Principle #2: “Similarity” is a bridge builder
Most people are familiar with the common but competing expressions: “opposites attract” and “birds of a feather flock together.”  You need elements of both sameness and difference in romantic relationships, but platonic and business relationships are more favorably influenced by similarity between people. Use this idea when first getting to know someone online or offline. Remember…people prefer those who are most like them. Consider this domino effect:

Similarity = familiarity = comfort = trust = strong relationship = credibility and influence

The principle in practice: You can insert yourself anywhere in this chain to start developing stronger friendships and getting more offline meetings. Simple tactics include making “small talk” or using selective self-disclosure with prospects (“I see you live in Atlanta; my sister lives in Atlanta and loves it”) or strategically agreeing with important points a prospect makes (“I agree that I should’ve emailed you back sooner, but work has been hectic lately…”).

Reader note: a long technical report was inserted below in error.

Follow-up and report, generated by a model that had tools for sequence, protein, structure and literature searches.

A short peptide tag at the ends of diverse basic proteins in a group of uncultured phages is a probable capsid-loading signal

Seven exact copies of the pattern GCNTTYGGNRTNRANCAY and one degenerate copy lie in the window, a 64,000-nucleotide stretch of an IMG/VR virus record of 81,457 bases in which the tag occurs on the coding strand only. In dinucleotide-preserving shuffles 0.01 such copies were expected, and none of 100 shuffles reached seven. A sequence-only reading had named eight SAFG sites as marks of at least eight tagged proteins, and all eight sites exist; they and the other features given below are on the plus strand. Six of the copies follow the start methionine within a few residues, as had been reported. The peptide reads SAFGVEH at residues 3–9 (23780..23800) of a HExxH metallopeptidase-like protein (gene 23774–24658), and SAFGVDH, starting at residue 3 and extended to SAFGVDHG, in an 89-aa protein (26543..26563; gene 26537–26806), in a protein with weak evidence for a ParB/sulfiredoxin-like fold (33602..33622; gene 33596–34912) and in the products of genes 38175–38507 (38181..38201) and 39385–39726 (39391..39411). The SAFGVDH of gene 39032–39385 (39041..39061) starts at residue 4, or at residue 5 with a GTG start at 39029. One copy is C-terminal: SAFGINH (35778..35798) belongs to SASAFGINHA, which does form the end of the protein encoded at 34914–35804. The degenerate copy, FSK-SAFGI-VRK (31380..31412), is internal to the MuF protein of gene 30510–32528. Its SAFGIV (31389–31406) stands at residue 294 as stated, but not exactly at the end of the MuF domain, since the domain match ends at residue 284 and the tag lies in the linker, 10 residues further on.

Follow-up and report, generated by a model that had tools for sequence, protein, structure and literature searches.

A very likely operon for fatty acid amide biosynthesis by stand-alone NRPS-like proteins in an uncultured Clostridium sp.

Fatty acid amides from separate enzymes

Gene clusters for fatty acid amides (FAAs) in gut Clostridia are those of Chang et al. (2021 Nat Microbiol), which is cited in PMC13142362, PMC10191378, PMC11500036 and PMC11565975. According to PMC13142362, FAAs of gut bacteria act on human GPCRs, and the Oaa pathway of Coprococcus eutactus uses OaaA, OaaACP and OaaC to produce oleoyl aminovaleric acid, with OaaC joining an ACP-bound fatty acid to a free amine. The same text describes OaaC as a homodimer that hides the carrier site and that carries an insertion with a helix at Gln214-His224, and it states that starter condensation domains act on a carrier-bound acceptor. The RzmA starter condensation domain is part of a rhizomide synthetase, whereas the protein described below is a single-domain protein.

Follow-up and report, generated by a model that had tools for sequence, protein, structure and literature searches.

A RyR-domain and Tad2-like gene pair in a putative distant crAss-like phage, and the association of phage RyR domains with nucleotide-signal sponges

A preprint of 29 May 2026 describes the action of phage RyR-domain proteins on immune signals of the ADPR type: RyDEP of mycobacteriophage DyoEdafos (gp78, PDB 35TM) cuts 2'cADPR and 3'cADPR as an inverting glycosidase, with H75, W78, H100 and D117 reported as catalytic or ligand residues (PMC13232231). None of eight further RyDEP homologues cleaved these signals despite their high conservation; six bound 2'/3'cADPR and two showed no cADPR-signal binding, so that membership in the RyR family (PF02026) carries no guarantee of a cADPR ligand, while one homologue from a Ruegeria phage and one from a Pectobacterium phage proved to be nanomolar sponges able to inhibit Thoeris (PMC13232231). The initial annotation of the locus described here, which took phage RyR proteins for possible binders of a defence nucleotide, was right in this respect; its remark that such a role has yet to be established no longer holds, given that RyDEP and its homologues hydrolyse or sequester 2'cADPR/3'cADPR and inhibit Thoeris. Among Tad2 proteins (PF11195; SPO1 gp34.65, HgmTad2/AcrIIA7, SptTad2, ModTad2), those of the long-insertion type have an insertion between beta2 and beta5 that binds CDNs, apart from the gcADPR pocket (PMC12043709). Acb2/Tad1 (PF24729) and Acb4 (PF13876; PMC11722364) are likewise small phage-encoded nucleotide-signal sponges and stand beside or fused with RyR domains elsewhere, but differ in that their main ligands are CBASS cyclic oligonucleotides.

Principle #3:  What’s “beautiful” must be “good”
Studies consistently demonstrate that perceived beauty or appearance does matter and that people intuitively equate beauty with concepts like good-better, smart-successful and important-valuable. This bias is so strong that people who are perceived as attractive (physically and interpersonally) are treated better than others in a myriad of situations. There are numerous evolutionary and psychological advantages to the attractiveness bias that is hard-wired in virtually everyone, but the important points are (1) people do judge books by their covers and (2) daters can use these powerful biases in ethical ways to bolster the perception of themselves.

The principle in practice:  It’s an understatement to say that you should look and sound your best at all times. Everything from your email signature and profile to your personal appearance and telephone etiquette should convey a warm and attractive personality. Daters shouldn’t rely solely on physical beauty to get ahead; but don’t shy away from it either.